Let the Hiroshima and Nagasaki commemorations be our call to action

As we prepare to commemorate the 74th anniversary of the horrific Hiroshima and Nagasaki atomic bombings on 6 and 9 August respectively, we must also reflect on the growing danger of another deliberate use of nuclear weapons.

The only possible role for nuclear weapons, so long as they remain in existence, is to deter their use by anyone.  Any other scenario, especially those based on the insane notion of a limited, “winnable” nuclear war, is a sure path to global Armageddon. – RI President Peggy Mason

Professor Paul Rogers, in a recent article for Opendemocracy.net, highlights the resurgence under President Donald Trump of Pentagon planning for first use of nuclear weapons. Rogers notes:

At the root of the approach is the belief that small-scale use of very powerful weapons could end a conflict on US terms.

Trump seemed to be channeling this thinking when he recently bragged he could “decisively” end the conflict in Afghanistan in “a week and a half” but for the killing of 10 million Afghans which he said he did not want.

Writing in the Military Times, journalist Meghann Myers drew the awful conclusion on the minds of many:

Trump’s statement that his plan would annihilate one-third of the Afghan population raised concerns in national security circles, as the estimated death toll implied a threat of nuclear force.

Not only would such a use of nuclear weapons be a war crime of unimaginable proportions, it would almost certainly be the beginning, not the end, of the use of nuclear weapons. As Paul Rogers cautions:

If the US did kill millions in a small nuclear war it would not prevent any further nuclear attacks for a hundred years ….[as proponents allege]. The new certainty would be the direct opposite: any such US nuclear use would prompt clandestine [nuclear] attacks on US cities within a few years at most.

In short, any use of nuclear weapons risks a global conflagration, whether in days, weeks or months.

Whither Canada?

As this country prepares for a federal election, we call on each and every Canadian to let the prospective candidates in your constituency know that we expect our Government to do everything in its power to ensure nuclear weapons are never again used.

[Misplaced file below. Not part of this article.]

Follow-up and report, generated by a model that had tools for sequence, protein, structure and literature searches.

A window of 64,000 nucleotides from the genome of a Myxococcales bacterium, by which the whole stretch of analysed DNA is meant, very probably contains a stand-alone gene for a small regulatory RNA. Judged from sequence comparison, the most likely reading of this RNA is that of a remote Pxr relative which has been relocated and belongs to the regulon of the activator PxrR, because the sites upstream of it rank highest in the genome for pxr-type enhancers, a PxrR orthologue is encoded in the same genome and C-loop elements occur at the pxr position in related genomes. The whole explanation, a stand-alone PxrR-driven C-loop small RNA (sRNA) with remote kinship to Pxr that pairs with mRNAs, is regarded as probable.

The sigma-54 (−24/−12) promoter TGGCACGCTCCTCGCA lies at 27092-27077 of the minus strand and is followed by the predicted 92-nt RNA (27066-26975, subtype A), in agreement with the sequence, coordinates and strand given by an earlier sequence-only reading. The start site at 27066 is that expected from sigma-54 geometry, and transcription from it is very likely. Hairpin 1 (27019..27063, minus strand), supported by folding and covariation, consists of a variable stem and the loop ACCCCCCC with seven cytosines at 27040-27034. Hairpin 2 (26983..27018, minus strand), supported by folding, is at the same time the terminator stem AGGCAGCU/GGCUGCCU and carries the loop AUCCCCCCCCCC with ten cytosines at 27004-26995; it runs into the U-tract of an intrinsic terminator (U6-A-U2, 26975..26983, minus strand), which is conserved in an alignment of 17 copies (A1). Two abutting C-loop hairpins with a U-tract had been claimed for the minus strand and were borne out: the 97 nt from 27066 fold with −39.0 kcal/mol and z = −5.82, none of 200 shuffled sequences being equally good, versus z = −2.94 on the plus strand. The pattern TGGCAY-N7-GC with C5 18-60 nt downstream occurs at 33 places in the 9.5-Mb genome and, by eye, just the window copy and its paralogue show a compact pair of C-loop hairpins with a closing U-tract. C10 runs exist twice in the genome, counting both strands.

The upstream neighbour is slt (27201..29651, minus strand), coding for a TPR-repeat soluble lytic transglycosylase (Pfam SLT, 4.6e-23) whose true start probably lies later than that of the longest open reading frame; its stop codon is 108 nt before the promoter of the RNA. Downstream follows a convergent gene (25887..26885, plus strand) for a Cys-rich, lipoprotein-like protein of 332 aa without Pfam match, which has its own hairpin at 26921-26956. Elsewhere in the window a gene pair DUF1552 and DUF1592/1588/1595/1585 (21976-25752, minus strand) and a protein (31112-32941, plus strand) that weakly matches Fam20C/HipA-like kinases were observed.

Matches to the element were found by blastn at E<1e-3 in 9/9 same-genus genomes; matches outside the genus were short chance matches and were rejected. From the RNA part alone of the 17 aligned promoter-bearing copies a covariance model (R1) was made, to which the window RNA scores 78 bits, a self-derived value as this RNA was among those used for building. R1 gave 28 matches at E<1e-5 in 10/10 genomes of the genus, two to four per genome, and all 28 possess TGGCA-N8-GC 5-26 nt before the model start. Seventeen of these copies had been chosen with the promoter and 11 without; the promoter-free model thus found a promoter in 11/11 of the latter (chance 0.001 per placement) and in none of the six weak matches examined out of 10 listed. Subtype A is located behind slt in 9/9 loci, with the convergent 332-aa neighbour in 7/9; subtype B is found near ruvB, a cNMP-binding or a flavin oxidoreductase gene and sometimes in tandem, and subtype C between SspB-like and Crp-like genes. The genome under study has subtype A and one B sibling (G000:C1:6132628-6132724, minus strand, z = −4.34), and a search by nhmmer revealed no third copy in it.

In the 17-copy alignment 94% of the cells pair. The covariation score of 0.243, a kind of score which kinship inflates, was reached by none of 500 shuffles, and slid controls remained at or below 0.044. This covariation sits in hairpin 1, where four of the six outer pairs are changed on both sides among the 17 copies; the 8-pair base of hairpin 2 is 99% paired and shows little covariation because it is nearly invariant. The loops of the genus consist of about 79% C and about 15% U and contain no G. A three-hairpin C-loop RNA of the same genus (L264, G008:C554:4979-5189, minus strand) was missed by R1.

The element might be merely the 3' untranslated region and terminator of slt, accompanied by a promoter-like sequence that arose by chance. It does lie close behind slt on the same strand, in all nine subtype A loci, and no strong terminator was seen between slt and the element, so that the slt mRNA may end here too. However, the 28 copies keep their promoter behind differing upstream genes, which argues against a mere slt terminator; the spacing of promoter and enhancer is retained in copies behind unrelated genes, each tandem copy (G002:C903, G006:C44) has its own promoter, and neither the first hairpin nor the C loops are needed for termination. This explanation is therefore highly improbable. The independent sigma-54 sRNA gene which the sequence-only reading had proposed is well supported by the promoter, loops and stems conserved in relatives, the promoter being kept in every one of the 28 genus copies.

For the full article by Professor Paul Rogers, click: A winnable nuclear war: Trump revives his generals’ dreams (opendemocracy.net, 25 July 2019).

For a detailed look at how a made-for-tv movie that was broadcast 35 years ago turned then American President Ronald Reagan into a nuclear weapons abolitionist, see: Facing Nuclear Reality 35 years after The Day After (Dawn Stover, Bulletin of Atomic Scientists Special Report).

Dialogue and cooperation: The way forward

For a wonderful antidote to the litany of bad news on the nuclear weapons front, see the article by Professor Michael Byers: Cold, dark, and dangerous: international cooperation in the arctic and space (Polar Record, Vol. 55, Issue 1, Jan 2019).

An essay based on the full article can be found in the Globe and Mail here.

Byers concludes that essay with the following observation:

There are still factors that could tip the Arctic or space into competition and conflict, including climate change, rogue states and an uninformed and impulsive U.S. President. But professional diplomats understand that these regions are special, that their extreme conditions almost demand co-operation.

Can we not say the same of nuclear weapons?

Photo credit: Freedom II Andres (A-Bomb Dome)



Tags: "Winnable" nuclear war, Afghanistan, Arctic, first use of nuclear weapons, Hiroshima, Meghann Myers, Michael Byers, Nagasaki, Nuclear abolition, Nuclear disaramament, Nuclear weapons, Outer Space, Paul Rogers, President Donald Trump, The Day After